Dynamic AMOLED replaces Super AMOLED. The S10 phones also feature faster wireless charging and PowerShare.
It has a 4.6″ phone screen, 7.3″ tablet screen and six cameras dotted all over. The Fold will be available on April 26.
The Nokia 9 PureView could potentially have the best scene depth-sensing around as our first camera samples show.
HMD has brought us a true PureView successor – the Nokia 9 with its five 12MP snappers and a ToF camera at the back.
This is the “Beyond 1″, aka the 6.1” curved screen model. The S10 series will not have gradient color paint jobs, says another rumor.
This is the end of a beloved smartphone platform as Microsoft shifts efforts to support its services on the two majority platforms.
Facebook ‘planning to rebrand company’ with new name – Al Jazeera English
CEO Mark Zuckerberg plans to talk about the name change at its annual conference on October 28, but it could be sooner.
Social media giant Facebook Inc is planning to rebrand itself with a new name next week, American technology blog the Verge reported on Tuesday, citing a source with direct knowledge of the matter.
Facebook Chief Executive Officer Mark Zuckerberg plans to talk about the name change at the company’s annual Connect conference on October 28, but it could be unveiled sooner, the Verge reported.
In response, Facebook said it does not comment on “rumour or speculation”.
The news comes at a time when the company is facing increasing government scrutiny in the United States over its business practices.
Legislators from both parties have excoriated the company, illustrating the rising anger in Congress with Facebook.
‘A metaverse company’
The rebranding would position Facebook’s social media app as one of many products under a parent company, which will also oversee groups like Instagram, WhatsApp, Oculus and more, the Verge report added.
It is not uncommon in Silicon Valley for companies to change their names as they bid to expand their services.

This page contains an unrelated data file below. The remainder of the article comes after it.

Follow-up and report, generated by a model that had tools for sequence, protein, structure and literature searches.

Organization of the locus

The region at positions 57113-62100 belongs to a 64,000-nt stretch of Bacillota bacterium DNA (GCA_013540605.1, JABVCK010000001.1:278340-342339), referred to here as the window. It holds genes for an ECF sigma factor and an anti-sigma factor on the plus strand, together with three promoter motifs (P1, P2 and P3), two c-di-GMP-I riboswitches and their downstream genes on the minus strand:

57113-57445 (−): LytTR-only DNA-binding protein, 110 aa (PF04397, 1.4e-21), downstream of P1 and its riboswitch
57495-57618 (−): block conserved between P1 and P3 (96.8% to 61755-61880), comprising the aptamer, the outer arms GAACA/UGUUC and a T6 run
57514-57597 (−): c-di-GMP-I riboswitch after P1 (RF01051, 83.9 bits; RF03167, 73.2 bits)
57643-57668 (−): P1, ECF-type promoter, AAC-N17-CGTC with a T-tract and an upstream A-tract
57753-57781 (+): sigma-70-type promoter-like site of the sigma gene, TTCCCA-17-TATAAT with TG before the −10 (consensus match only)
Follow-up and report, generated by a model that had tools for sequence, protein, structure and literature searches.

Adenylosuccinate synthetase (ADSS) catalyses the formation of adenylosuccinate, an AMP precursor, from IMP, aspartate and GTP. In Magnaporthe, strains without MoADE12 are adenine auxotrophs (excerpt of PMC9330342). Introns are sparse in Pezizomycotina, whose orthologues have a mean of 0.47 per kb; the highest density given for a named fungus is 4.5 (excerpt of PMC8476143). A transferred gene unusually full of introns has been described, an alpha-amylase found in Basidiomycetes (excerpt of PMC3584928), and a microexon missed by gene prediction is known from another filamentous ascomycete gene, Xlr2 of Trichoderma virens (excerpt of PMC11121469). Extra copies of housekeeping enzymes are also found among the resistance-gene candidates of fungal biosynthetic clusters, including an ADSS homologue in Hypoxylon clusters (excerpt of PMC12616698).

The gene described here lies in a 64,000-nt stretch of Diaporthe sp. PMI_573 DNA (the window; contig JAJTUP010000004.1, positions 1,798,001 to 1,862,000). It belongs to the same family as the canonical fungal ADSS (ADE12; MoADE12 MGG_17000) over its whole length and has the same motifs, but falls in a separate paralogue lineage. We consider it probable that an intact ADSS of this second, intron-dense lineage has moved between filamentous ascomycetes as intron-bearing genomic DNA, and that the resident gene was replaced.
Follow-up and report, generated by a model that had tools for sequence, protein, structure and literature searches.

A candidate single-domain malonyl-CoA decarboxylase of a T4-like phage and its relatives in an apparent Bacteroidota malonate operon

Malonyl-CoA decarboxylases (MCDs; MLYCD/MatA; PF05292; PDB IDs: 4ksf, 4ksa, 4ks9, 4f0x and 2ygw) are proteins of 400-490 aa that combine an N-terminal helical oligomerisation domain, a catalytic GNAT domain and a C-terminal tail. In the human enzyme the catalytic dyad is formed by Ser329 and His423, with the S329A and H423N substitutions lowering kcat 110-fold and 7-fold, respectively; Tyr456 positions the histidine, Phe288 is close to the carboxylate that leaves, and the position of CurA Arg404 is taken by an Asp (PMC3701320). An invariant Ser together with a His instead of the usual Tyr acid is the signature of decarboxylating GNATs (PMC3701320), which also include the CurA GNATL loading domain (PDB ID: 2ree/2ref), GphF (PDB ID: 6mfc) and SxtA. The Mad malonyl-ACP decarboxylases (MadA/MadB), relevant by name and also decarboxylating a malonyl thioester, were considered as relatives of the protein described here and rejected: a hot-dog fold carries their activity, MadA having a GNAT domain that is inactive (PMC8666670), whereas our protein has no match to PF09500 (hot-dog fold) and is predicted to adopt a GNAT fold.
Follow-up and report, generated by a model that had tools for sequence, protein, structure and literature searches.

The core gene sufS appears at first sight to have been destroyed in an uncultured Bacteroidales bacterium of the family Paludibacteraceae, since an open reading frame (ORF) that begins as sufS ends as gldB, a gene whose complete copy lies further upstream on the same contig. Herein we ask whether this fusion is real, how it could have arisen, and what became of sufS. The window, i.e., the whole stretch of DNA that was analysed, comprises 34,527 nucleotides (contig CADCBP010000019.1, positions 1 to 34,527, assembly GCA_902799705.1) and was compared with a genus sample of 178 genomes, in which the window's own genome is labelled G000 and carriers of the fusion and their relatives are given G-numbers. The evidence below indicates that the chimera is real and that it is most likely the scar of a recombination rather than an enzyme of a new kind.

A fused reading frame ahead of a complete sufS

Google established Alphabet Inc as a holding company in 2015 to expand beyond its search and advertising businesses, to oversee various other ventures ranging from its autonomous vehicle unit and health technology to providing internet services in remote areas.
The move to rebrand will also reflect Facebook’s focus on building the so-called metaverse, an online world where people can use different devices to move and communicate in a virtual environment, according to the report.
Facebook has invested heavily in virtual reality (VR) and augmented reality (AR) and intends to connect its nearly three billion users through several devices and apps. On Tuesday, the company announced plans to create 10,000 jobs in the European Union over the next five years to help build the metaverse.
Zuckerberg has been talking up metaverse since July when he said that the key to Facebook’s future lies with the metaverse concept – the idea that users will live, work and exercise inside a virtual universe. The company’s Oculus virtual reality headsets and service are an instrumental part of realizing that vision.
“In the coming years, I expect people will transition from seeing us primarily as a social media company to seeing us as a metaverse company,” Zuckerberg said at the time. “In many ways, the metaverse is the ultimate expression of social technology.”
The buzzy word, first coined in a dystopian novel three decades earlier, has been referenced by other tech firms such as Microsoft.
The Verge report said a possible name for the company could have something to do with Horizon. Recently, Facebook renamed its in-development VR gaming platform named ‘Horizon’’to “Horizon Worlds”.
Apple's voice-only Music subscription could boost Siri's accent understanding – TechCrunch
Apple had a slew of interesting announcements at its event on Monday. But one that stood out to me — and I feel didn’t get as much attention — is the new pricing tier of Apple Music. A new “Voice” tier will offer the entire Apple Music library to subscribers at a reduced rate of just $5 per month: The catch is you have to use Siri to access it, eschewing the standard Apple Music visual and typing-friendly in-app user interface.
Apple didn’t share why it is launching this plan, but I think it’s reasonable to speculate that the iPhone-maker is lowering the price barrier and persuading more people to use Siri because it wants to gather more voice data to train and improve its voice assistant.
“We’re excited that even more people will be able to enjoy Apple Music simply with their voice,” Apple chief executive Tim Cook said at the event.
I can’t imagine any other compelling reason why the Apple Music Voice plan exists, especially since Apple is likely offering the new service with much lower margins than the standard plan, as the licensing agreements with labels remain the same to offer up the entire Apple Music catalog.